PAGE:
Although there are few studies to support the practice,11 many psychiatrists have experience with patients who report relief from depression only at dosages above those approved by the FDA. If a patient has experienced partial benefit without adverse effects from the maximum approved dosage of an SSRI, increasing the dosage should be considered before adding a second medication.3

Pressures of cost and time can lead to irrational polypharmacy as well. This may be particularly true in inpatient units, where there are increasing pressures to discharge patients as quickly as possible, leading clinicians to attempt to use polypharmacy to achieve a more rapid response. The use of polypharmacy as a substitute for time in treatment is not supported by available data.12Inadequate attention to receptor pharmacology can also lead to irrational polypharmacy, such as adding low-dose venlafaxine to an SSRI, the primary effect of which is overlapping serotonergic reuptake inhibition.13When to Avoid Polypharmacy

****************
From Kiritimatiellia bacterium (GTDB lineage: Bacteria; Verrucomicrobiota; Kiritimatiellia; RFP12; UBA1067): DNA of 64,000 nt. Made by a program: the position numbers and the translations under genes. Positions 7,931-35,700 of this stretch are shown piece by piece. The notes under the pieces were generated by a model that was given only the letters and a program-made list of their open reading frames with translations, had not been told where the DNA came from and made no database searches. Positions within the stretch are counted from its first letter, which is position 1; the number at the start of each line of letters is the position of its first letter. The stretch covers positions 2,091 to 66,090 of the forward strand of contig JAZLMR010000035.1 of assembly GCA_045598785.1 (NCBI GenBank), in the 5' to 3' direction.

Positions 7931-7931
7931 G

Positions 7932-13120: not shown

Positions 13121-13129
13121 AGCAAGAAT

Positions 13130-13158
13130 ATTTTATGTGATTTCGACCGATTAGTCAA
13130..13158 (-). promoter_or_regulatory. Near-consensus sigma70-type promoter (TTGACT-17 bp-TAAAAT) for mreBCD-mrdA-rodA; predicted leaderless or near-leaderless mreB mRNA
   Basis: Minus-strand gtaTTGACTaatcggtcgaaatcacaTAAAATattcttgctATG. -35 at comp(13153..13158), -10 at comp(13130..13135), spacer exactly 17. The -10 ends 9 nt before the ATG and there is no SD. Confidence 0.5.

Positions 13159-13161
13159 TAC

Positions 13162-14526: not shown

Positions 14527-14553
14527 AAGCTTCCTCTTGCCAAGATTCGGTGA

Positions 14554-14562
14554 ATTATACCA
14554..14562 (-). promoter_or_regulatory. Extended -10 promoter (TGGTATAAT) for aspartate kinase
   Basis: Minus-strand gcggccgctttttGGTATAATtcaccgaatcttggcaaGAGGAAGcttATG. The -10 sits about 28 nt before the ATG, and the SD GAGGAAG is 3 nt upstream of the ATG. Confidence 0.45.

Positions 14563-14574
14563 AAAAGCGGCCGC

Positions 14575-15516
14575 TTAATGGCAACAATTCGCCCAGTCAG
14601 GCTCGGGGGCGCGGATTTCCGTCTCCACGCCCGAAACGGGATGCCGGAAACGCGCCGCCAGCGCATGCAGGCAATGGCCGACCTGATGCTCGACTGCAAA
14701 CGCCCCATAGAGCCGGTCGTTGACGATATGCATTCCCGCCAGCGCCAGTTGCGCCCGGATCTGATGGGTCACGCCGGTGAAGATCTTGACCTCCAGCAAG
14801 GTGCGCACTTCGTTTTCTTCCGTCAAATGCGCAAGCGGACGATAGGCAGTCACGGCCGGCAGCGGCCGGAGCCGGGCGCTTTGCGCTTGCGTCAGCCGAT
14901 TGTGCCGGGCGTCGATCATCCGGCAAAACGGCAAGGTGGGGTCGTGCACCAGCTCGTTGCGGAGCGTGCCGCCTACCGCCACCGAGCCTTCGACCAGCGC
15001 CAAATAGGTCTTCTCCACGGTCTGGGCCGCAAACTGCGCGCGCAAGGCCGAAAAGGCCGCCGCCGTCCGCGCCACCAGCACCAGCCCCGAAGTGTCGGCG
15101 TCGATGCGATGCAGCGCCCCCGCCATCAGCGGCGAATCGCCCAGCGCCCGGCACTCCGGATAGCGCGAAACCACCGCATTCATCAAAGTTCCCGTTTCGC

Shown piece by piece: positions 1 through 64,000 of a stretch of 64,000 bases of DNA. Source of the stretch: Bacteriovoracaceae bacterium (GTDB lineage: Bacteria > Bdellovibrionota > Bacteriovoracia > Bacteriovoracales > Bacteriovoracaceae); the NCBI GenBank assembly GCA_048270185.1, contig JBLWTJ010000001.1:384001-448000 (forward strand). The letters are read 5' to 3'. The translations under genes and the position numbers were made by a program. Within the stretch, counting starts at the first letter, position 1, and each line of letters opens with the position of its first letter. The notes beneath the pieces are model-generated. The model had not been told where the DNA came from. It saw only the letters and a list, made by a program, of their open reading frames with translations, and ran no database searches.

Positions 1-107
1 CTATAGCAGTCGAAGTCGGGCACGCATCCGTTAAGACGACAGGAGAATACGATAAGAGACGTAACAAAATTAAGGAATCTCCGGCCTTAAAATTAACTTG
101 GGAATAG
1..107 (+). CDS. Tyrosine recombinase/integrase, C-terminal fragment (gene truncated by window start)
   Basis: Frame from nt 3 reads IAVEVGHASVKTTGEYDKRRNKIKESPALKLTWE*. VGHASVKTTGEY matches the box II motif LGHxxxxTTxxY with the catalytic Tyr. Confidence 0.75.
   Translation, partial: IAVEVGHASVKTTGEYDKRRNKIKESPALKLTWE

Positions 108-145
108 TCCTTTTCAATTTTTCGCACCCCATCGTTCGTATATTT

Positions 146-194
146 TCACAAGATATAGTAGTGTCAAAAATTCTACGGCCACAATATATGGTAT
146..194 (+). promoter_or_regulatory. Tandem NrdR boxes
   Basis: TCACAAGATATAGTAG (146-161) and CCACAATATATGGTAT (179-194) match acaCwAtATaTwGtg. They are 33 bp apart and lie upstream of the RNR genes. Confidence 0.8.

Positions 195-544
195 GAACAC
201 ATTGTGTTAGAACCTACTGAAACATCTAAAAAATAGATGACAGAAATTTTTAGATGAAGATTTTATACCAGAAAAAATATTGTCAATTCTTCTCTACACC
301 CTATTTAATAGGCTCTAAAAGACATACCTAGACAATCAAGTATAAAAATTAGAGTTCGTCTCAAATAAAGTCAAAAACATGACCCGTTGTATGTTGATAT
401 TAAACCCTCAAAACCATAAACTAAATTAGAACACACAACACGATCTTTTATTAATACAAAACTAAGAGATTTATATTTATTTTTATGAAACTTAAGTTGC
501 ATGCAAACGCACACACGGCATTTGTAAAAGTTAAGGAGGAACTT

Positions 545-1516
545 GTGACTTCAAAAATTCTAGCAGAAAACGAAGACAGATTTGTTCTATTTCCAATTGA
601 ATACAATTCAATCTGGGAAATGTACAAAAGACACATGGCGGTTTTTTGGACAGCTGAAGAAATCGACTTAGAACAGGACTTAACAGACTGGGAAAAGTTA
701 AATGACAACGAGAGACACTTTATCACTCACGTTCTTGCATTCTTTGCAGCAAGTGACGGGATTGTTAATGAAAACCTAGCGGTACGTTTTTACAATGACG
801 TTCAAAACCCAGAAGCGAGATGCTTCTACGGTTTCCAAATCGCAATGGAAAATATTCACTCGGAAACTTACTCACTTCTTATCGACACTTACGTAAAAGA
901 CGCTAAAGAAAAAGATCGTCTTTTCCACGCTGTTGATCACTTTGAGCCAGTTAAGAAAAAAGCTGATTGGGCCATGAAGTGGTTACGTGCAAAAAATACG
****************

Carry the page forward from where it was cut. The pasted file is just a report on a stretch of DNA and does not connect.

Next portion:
When a patient does not respond to more traditional treatments, a clinician should “Run the Axes,” that is, review the patient’s Axes I through IV issues (Table). Compliance should also be examined carefully before moving to polypharmacy, because up to 20% of treatment resistance can be attributed to poor treatment compliance.14

There are numerous reasons to avoid polypharmacy. Polypharmacy increases the risk of adverse effects, patient noncompliance, and medication errors, and it adds unnecessary costs.15,16 Even when clinicians try to remain aware of these risks, many polypharmacy regimens can be too complex to predict all possible drug-drug interactions.

Patients with major depression are high users of medical health care services and are more likely to receive medications to treat medical conditions in addition to their psychiatric medications,17,18 which further increases polypharmacy risks. Furthermore, clinicians should be aware of the over-the-counter medications, herbal remedies, and the burgeoning market of food supplements sold as health remedies (“nutraceuticals”) that patients may be using.19